All things come to an end. Even our universe will one day end when we cease expanding and entropy brings a heat death to a tired and ancient reality.
But until then we’ve got video games, right?
For some reason the internet is currently abuzz with tales of endings, and the quality of finales. Well, we’re here to do one thing, and that’s cash in on current trends. So sit down, relax, and let us sing to you a song of games that actually ended pretty well.
Note: Gonna be heavy on the spoilers from here on out. Read at your own peril.
Fallout set the bar for all the sequels that followed in its wake. Mixing drama and a lighter touch to create a melange of wasteland-y goodness, it stands out as a near perfect RPG. The ending, even now, remains utterly astounding.
After traversing the wasteland to save your home, first from failing water supplies and then the terror of the super mutant threat, you return home. Only to be met by the Overseer who thanks you for all the work you’ve done for your people. Then, he tells you that you’re too dangerous to be allowed back in. That you’ll cause people to leave safety. That you’ll be the death of Vault 13. So the game ends with you, the Vault Dweller, walking with your head bowed low, back into the wasteland.
There’s a lot written about Spec Ops: The Line by writers far more knowledgeable and capable than me, but it doesn’t mean I can’t appreciate this love letter to Joseph Conrad’s Heart of Darkness. Set after Dubai become swamped by colossal sandstorms, you play the role of Delta Force Captain Martin Walker leading a team into the sand-strewn ruins of this once great city.
Things don’t go well in Dubai.
The road to hell is paved with good intentions, and each step you take in Spec Ops: The Line leads you closer and closer to hell. Each decision your character takes is logical but by the end of the game Walker is truly damned. The ending revolves around the twin revelations that Konrad, the enemy you’ve been chasing the whole game, is already dead, and that you have been an unreliable narrator this whole time, often hallucinating events.
How Walker deals with this and who you blame for Walker’s actions forms the core of one of the most excellent endings of all time. Do you take your own life, do you put your hallucinations to rest and face justice, or do you become Konrad. It’s a difficult choice, and one that’ll stay with you.
Shadow of the Colossus
In which Wander gives everything to save Mono and bring her to life again, and possibly gives too much.
Forming a dark pact with a creature known as Dormin, Wander agrees to slay twelve colossi in order to bring Mono’s soul back to her body. Thus Wander sets out on one of the most beautiful and heart wrenching adventures in video game history.
The game ends in tears. After killing the colossi, Mono’s life is returned to her. But Wander has become corrupted with the dark presence of Dormin. In addition, pursuers have caught up with him, seeking justice for crimes committed prior to the game. Wander ends up having to give up his life to save Mono, seemingly transformed into a horned infant.
It’s a poignant and sad end to a poignant and sad game, and one that never fails to raise a tear or two.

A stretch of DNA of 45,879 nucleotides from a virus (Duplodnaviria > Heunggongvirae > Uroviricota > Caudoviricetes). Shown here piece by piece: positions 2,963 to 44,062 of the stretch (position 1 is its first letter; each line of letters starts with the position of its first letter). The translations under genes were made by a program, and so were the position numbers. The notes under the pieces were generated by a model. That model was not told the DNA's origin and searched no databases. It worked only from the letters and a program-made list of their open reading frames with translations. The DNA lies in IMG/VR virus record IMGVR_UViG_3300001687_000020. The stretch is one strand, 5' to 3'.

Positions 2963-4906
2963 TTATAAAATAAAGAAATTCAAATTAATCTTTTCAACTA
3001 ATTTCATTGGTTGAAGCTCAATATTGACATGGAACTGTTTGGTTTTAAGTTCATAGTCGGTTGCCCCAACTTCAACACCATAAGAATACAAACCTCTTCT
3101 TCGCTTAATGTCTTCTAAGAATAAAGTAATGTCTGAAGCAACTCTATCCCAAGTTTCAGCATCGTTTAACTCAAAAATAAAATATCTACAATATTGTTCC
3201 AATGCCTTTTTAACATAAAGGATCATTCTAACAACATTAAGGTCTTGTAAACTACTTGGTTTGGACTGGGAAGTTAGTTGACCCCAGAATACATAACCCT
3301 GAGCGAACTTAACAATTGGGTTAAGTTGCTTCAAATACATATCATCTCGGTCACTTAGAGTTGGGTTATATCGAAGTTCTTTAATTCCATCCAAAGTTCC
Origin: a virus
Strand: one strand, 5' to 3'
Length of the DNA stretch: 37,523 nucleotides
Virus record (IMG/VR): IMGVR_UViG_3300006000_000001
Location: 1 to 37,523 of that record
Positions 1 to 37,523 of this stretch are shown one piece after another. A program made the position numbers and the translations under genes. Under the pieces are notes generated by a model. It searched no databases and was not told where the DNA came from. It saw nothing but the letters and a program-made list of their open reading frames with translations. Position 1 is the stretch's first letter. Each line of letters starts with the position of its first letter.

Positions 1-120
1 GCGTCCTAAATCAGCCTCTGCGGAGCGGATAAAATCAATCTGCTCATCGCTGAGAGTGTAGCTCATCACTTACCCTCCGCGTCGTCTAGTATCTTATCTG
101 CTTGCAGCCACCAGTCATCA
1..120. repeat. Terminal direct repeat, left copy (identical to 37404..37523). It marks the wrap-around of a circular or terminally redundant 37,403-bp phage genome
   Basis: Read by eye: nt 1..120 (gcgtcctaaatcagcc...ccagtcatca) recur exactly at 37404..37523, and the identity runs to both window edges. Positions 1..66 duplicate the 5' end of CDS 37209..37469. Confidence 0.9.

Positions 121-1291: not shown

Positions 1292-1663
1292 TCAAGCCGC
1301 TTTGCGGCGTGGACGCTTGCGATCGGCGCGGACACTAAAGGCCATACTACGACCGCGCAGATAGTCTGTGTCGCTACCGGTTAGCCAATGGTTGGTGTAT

The Last of Us
After a long slog covering an entire year, Joel and Ellie reach their destination. They’ve battled makeshift militia, roving gangs, The Infected, and much more. They’ve sacrificed friends and their own health. But they made it.
All that needs to happen now is for Ellie to be, well, dissected to unlock the cure her brain holds.
Joel lost his child in the opening to the game, and through adversity and time together, he’s come to see Ellie as a surrogate daughter. And he isn’t going to let some scientists tear her brain open to peek at the secrets within.
The game ends with a roaring rampage of violence through the Firefly facility that has been your goal for the whole game. In the end, Ellie confronts Joel about what happened, and he lies to her. She knows, and she accepts it. What else can she do?
It’s a quiet and personal end to a game that’s often careful and quiet, and it fits the theme perfectly. Humanity might be damned, but humans can still choose their fate, even in the apocalypse.
The original Portal was a surprise hit with, well, everyone.
Portal 2 was more in every way. Bigger, longer, probably funnier. And the ending had to do the same. Surprisingly, it succeeded.
The moon shot. The song. The other song. The apology. The recanting of the apology. The other apology. The Companion Cube. The fields. The freedom.
It’s a perfect storm of pathos and comedy, and it is a perfect end to a pretty perfect game. There’s not much more to say, other than to reinstall it and play through for the umpteenth time.
Silent Hill 2
Silent Hill 2 is where we really nail down what the town’s doing. James’ journey through the foggy streets leads him to a hotel on an island, where he’s confronted with a hell of his own making.
Similar to some other successful endings, the rug is pulled out from under the player’s feet. It hasn’t been three years since your wife died, and she didn’t just ‘die’. James killed her.
The whole town is constructed as a torment for James. Pyramid Head is a punisher for his sins. The disturbing nurses are a reminder of the hospital where he visited his wife, Mary, and of the guilt he felt, ogling the health professionals.
It all comes to a head in that hotel. And it’s there that choices can be made. Will you leave everything behind you, will you die, will you leave with a resurrected Mary to begin the cycle anew?